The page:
Mahonia are very healthy plants but they do suffer from a few diseases in particular.


All varieties of Mahonia can be affected by rust but Mahonia aquifolium an bealei are the worstaffected. The Latin name for this fungus is Cumminsiella mirabilissima. The symptoms aredeep red small marks on the top of the leaves. If you turn the leaves over they will have brown,rust coloured powdery marks on them.

Rust spreads in humid conditions where there is little ventilation. Treatment of rust on Mahoniaconsists of the following:

  • Regularly pick up and burn all leaves on the ground around the plant.
  • If the centre of the plant is congested prune it as suggested above toallow better air circulation.
  • Spray with a fungicide designed to combat rust on plants.


The symptoms are irregular brown marks on the tops of the leaves, with a light grey fungalgrowth on the undersides of the leaves. Lower leaves are more affected compared to leaveshigher up the plant. This is caused by a fungus The causes arecold soil, bad air circulation and damp conditions. The only cure is to avoid those conditions.You may need to move your plant to a sunnier position. Eventually the disease will kill yourMahonia if not attended to. Read our in depth article onpowdery mildew for much moreinformation.

Other “easy-care” shrubs in this series include Choisya, Skimmia, Mock Orange, Lilacs, Potentilla and Rose of Sharon (hibiscus syriacus).


There are many varieties of Mahonia grown in the UK but only about four are commonly sold ingarden centres.

Mahonia x media ‘Charity’


Height and spread 4.5m / 14ft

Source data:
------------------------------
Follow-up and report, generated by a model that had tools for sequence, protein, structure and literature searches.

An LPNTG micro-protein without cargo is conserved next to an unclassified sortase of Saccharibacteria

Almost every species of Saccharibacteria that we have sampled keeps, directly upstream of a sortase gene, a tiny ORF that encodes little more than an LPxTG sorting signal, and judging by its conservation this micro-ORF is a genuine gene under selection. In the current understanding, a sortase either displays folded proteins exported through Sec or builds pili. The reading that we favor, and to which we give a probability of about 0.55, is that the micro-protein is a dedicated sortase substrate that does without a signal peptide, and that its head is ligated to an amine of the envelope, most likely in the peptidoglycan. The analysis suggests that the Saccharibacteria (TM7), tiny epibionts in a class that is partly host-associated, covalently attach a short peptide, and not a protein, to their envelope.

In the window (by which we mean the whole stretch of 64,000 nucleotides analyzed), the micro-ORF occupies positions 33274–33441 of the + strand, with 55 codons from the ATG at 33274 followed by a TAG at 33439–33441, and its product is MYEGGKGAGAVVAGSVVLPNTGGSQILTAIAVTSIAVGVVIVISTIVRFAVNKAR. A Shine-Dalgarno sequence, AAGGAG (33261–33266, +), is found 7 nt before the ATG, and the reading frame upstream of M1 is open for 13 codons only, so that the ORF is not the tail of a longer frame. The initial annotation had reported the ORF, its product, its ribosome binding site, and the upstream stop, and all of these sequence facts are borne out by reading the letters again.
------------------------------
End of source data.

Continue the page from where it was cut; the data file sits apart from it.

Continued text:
Leaf colour Glossy green, evergreen
Flowers? Yellow flowers produced in November to February followed by black berries
Growth Habit Upright and bushy
Frost Hardy? Hardy in the UK
Containers / rockeries No
Awards None
Buy Online? We recommend


Mahonia x media ‘Wintersun’


Height and spread 3m / 10ft
Leaf colour Glossy green, evergreen
Flowers? Yellow flowers with a delicious scent from November to March then black berries. The best flowers of the lot!
Growth Habit Upright and bushy
Frost Hardy? Hardy in the UK, copes well even in sun
Containers / rockeries No
Awards RHS AGM
Buy Online? We recommend


Mahonia aquifolium


Height and spread 1.5m / 5ft
Leaf colour Light green tinged with reds, evergreen
Flowers? Dense yellow flowers in November to February
Growth Habit Upright and bushy, excellent as a specimen plant for smaller gardens
Frost Hardy? Hardy in the UK.
Containers / rockeries No
Awards None
Buy Online? We recommend

Mahonia japonica


Height and spread 1.5m / 5ft
Leaf colour Dark green leaves, evergreen
Flowers? yellow flowers from November to February
Growth Habit Upright and bushy
Frost Hardy? Hardy in most parts of the UK.
Containers / rockeries No
Awards RHS AGM


Below we list the key strengths and weaknesses of Mahonias.

HARDY 4 star hardiness rating(to -15°C)
EASY CARE 4.5 easy care rating
SMALL GARDENS Some varieties
FLOWERING 4 star flowering rating
FLOWER TIME November to February